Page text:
Faith Changes Everything
However, we’re not just trying to get people saved, are we? No, we are saved unto something. The Apostle Paul doesn’t want mere belief, or dead faith. God didn’t plant the crab apple tree to have its growth stunted so it could bear only bitter fruit. He planted it so that it would grow bigger, stronger, and bear fruit that He and everyone else could take and eat and call good.
When Paul planted the seed of that church, he wanted to see it sprout. When Apollos preached there afterward, he wanted to help it grow. But it didn’t.
The Bible never stops at belief, or faith, in God. The demons believe God exists, but that isn’t enough for salvation, is it? The demons believe that Jesus is Lord of all and even Saviour of the World, but they are not saved. Why? Because the Christian faith isn’t just about believing the fact that God exists, or believing the fact that Jesus died and rose again, but having that belief, those facts, take over every part of our lives. That’s why the Bible, Old Testament and New, is so full of teachings that tie our faith in God to a changed life.
This is Paul’s message to the Corinthians is, “I want you to become spiritual people, but you are living as ‘people of the flesh’, carnal people who, instead of being obedient to God and controlled by the Holy Spirit, are controlled by your own natural desires. You may believe in Jesus, but your behaviour looks no different than the world. Your thought patterns are not mature, biblical and godly, but look just like the world’s. You claim to be followers of Jesus, but you think and act like pagans. When I came to you, I fed you with milk because you were spiritual babies, and that was appropriate, but you were supposed to grow up!”
In his letter to Titus (2:11-15), who was a Christian leader who he had sent out to check up on the churches he had planted, combat false teaching, and appoint elders before he moved on, he says this,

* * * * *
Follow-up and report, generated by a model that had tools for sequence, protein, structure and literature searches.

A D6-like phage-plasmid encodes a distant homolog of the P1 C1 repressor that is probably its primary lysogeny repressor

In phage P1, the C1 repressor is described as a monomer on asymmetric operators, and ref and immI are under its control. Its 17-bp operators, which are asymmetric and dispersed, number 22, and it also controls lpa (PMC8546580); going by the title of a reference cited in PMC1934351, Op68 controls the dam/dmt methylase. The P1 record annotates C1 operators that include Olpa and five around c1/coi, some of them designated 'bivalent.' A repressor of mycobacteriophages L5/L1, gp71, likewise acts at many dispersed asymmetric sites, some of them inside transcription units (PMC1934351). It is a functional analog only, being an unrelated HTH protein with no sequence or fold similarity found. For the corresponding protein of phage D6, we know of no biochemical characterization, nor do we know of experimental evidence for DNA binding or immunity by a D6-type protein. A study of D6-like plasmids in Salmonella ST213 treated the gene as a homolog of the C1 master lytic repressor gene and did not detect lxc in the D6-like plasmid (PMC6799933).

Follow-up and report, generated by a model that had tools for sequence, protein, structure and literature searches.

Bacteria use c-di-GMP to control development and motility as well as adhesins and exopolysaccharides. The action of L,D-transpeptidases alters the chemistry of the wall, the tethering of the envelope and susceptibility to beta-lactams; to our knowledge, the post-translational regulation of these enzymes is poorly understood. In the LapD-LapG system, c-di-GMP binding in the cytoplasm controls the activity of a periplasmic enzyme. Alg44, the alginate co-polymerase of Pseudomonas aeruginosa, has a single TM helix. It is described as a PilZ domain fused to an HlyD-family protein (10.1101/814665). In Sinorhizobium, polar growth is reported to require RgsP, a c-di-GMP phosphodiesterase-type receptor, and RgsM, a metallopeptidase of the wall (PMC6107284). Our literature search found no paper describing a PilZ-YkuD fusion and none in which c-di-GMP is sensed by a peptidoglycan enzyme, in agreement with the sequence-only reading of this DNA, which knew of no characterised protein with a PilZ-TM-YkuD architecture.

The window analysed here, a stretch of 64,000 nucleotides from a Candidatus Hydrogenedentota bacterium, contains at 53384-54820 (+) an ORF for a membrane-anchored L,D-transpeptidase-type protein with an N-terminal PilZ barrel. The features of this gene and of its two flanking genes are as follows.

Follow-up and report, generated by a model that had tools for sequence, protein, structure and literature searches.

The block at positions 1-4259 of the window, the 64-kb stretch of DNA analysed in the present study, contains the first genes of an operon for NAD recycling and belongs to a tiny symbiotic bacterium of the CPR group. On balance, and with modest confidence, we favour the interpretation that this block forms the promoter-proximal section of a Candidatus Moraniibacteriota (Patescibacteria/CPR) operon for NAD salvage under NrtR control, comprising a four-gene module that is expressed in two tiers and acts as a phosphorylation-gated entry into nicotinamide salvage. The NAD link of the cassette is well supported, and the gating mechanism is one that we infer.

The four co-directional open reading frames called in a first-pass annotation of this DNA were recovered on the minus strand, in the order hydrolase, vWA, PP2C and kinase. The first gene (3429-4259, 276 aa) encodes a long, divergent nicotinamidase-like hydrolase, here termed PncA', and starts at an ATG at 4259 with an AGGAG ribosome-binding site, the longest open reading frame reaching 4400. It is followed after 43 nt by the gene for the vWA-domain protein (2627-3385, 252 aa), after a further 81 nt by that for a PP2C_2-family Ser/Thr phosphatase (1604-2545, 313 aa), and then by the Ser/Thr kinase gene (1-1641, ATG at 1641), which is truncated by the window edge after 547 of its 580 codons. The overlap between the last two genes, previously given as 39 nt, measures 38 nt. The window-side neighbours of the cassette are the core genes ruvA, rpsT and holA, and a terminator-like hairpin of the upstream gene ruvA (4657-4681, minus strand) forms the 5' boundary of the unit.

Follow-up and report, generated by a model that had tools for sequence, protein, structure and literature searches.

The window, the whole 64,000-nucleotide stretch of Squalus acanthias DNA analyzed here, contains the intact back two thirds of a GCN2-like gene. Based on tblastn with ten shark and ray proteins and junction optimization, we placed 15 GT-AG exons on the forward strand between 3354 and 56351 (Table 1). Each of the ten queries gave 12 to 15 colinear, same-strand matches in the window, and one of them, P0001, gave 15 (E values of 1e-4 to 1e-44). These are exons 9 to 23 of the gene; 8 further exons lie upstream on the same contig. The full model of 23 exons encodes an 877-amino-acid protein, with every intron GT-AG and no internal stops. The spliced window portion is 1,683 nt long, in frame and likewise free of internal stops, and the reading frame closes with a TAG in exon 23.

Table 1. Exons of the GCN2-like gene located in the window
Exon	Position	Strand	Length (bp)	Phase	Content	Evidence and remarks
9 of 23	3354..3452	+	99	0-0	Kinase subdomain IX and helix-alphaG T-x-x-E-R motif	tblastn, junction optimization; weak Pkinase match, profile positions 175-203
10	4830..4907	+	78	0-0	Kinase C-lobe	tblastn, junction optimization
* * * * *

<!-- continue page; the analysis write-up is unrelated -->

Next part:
“For the grace of God has appeared, bringing salvation for all people, training us to renounce ungodliness and worldly passions, and to live self-controlled, upright, and godly lives in the present age, waiting for our blessed hope, the appearing of the glory of our great God and Savior Jesus Christ, who gave himself for us to redeem us from all lawlessness and to purify for himself a people for his own possession who are zealous for good works. Declare these things; exhort and rebuke with all authority.”
Do you see the ebb and flow of salvation with a changed life? The grace of God appears and brings salvation – which trains us to put down the things that are ungodly. We are waiting for the blessed hope, the coming of our God and Saviour Jesus Christ – who redeemed us from lawless and works to purify us. He bought with His blood so we could be His own, and we show we are His by being zealous for good works.
Even Now You’re Not Ready
In Titus, Paul is talking to a mature church leader who is given some deep teaching and then commanded to go and declare and exhort and rebuke others, but in Corinth, Paul is talking to spiritual babies. In verse 2 he says, “I fed you with milk, not solid food, for you were not ready for it. And even now you are not yet ready, for you are still of the flesh.” How does he know that they’re still “of the flesh”, acting like spiritual babies? Verse 3 says, “For while there is jealousy and strife among you, are you not of the flesh and behaving only in a human way?”
There’s a bunch of reasons he’s going to get into in the rest of the letter – from their sexual sin to their acceptance of pagan worship practices – but he starts with how they are treating each other. Their church is full of “jealousy and strife”.